Assessing James Wan

Like most people, I’m wary of horror sequels. Even more so when the first film is a favorite of the genre. But sequels, like reboots, are pretty inevitable these days, and I always hope that at the very least the original films themselves aren’t watered down by what comes after.

Insidious: Chapter 2 is upon us. Before I head to the theater, I thought I’d give the original a quick revisit, along with the rest of director James Wan’s body of work. Insidious struck me immediately—and continues to do so after a few more viewings—as a horror film that gets so much right. I often watch scary movies and find myself thinking of subtle, simple ways that would have improved a scene or a particular shot. “Show the ghost from that other angle.” “That should have stayed mostly off-camera, where it was way creepier.” “You just missed three chances to slip something into those shadows.” I’m always mildly shocked by how horror directors miss genuine ways to subvert the norm and prevent yawns. What seems like common sense is usually ignored.

For almost all of Insidious, I didn’t have a single one of these thoughts. The story follows the family of a little boy who falls into an inexplicable coma and becomes targeted by spirits. Early in the film, the family makes the rare but wise horror-movie decision to get the hell out of the house, but since it’s the boy who is haunted and not the home, their troubles move with them.

The tension is well-paced and dialed up slowly, perfectly. The music is incredible, reveling in horror tradition. Tone, atmosphere, dread…Wan knows what he’s doing and manages so many great shots with a pretty limited palette. There’s a scene in the baby’s room where if you’re paying attention to the curtains, you’ll glimpse one of my favorite horror moments. Another impressive sequence takes place in the second house—watch the long tracking shot where the mother is doing chores and passes the laundry nook on her way out to the trash bin. The scene ends with an eerie sight, but much more subtle is the precursor almost hidden in the middle of the shot.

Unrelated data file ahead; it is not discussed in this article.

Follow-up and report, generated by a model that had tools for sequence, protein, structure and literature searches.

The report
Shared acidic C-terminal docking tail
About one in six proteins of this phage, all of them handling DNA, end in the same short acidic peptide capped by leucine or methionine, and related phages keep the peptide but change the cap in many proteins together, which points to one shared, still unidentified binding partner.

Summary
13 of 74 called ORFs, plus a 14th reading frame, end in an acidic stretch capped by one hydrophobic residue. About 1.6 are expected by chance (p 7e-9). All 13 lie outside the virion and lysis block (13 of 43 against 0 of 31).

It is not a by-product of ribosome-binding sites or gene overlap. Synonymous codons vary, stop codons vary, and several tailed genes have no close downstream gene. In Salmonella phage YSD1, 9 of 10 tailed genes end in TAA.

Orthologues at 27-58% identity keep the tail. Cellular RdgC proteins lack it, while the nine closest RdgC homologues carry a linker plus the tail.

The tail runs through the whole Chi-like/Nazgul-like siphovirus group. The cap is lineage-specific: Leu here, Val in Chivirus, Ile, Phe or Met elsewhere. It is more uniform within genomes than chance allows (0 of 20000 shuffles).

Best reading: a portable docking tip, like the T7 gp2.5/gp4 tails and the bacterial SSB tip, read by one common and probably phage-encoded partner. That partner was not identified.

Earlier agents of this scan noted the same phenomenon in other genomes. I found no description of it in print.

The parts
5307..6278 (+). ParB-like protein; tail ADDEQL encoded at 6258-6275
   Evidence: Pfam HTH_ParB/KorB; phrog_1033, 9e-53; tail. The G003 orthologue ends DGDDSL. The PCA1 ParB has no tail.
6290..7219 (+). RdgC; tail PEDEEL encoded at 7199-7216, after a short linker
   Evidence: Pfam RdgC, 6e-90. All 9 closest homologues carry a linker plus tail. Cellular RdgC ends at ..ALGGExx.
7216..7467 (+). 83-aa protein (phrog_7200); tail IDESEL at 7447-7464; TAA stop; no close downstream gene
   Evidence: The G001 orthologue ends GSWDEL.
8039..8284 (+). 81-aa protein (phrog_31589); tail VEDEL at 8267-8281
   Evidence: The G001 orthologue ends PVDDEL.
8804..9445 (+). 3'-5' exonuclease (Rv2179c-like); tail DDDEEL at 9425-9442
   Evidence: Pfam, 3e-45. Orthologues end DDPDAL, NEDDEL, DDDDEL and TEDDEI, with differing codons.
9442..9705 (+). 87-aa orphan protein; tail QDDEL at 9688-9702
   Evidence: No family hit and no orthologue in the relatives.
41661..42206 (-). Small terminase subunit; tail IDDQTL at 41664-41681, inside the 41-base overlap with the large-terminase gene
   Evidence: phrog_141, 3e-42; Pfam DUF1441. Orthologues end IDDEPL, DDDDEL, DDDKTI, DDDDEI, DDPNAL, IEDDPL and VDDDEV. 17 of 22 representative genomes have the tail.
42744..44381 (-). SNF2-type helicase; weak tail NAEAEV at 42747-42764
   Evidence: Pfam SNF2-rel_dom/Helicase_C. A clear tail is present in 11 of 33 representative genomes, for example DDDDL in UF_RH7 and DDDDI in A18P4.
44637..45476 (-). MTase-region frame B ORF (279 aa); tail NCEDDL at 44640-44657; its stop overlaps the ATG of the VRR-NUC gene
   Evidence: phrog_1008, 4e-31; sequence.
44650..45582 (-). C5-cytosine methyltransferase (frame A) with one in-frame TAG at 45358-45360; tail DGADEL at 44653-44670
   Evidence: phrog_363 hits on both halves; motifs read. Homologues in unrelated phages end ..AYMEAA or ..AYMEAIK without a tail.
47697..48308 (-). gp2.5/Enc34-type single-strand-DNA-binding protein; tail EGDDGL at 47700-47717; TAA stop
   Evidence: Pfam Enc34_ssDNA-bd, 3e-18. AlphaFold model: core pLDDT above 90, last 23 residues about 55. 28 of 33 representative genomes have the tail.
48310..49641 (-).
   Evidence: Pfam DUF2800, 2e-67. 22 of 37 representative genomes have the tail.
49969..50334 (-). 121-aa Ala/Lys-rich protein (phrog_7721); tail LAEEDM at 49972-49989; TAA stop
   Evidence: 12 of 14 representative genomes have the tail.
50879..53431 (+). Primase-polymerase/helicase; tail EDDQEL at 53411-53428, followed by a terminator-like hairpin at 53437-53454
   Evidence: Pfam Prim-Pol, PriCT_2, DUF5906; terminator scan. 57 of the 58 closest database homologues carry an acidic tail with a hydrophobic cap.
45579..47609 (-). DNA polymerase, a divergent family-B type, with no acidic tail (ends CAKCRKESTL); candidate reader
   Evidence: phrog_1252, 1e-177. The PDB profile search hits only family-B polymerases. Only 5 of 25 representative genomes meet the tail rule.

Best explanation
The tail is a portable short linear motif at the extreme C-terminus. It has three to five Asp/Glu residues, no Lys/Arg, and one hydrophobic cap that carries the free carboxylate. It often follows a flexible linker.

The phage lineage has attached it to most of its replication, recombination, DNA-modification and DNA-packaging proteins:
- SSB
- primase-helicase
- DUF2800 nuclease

Insidious does come close to derailing itself when the film ventures into the astral projection realm known as the Further. It falls prey to the old mistake of showing too much of the monster, who does, admittedly, look a bit too much like Darth Maul. But the creepy slam-dunks greatly outweigh the meh. Wan really came into his own with this film, and after three years Insidious holds up well.

Speaking of sequels diluting the impact of originals, Saw tends to be lost in the increasing silliness of the 78 films that followed in its wake. It’s easy to forget that the first one was actually pretty great. Director Wan was only 27 years old when it was released, and the poise displayed in such a gritty, borderline torture-porn context is still impressive. Never mind that the rest of the Saw films actually were torture-porn. Wan had little to do with those.

His next two films offered nothing special, as Wan hadn’t quite tapped into his ability to elevate tropes. Dead Silence (2006) is a typical “evil murderess killed by villagers seeks her revenge from beyond the grave” tale with some nicely spooky moments sprinkled into a clichéd plot with an even more clichéd twist ending. Death Sentence (2007) found Wan sliding over into the ultraviolent revenge flick territory best navigated by Chan-wook Park of Oldboy fame. Kevin Bacon plays a regular-guy executive suddenly thrust into that ultraviolent world, and the whole thing is forgettable.

The Conjuring, though. Wow. On the strength of Insidious, I already had high hopes, and Wan managed to somehow exceed them. I hesitate to call anything a perfect horror film, but it’s up there. And it’s “based on a true story,” which often proves restrictive. Considering that the “true story” also revolves around several tired tropes of the genre, the film is even more of a triumph. Here we have the evil witch terrorizing from beyond the grave. The secluded farmhouse. Bumps in the night. Paranormal investigators. Demonic possession and the exorcism in the final act. So much been-there-done-that mushed up into a brilliant, effective, and chilling two hours.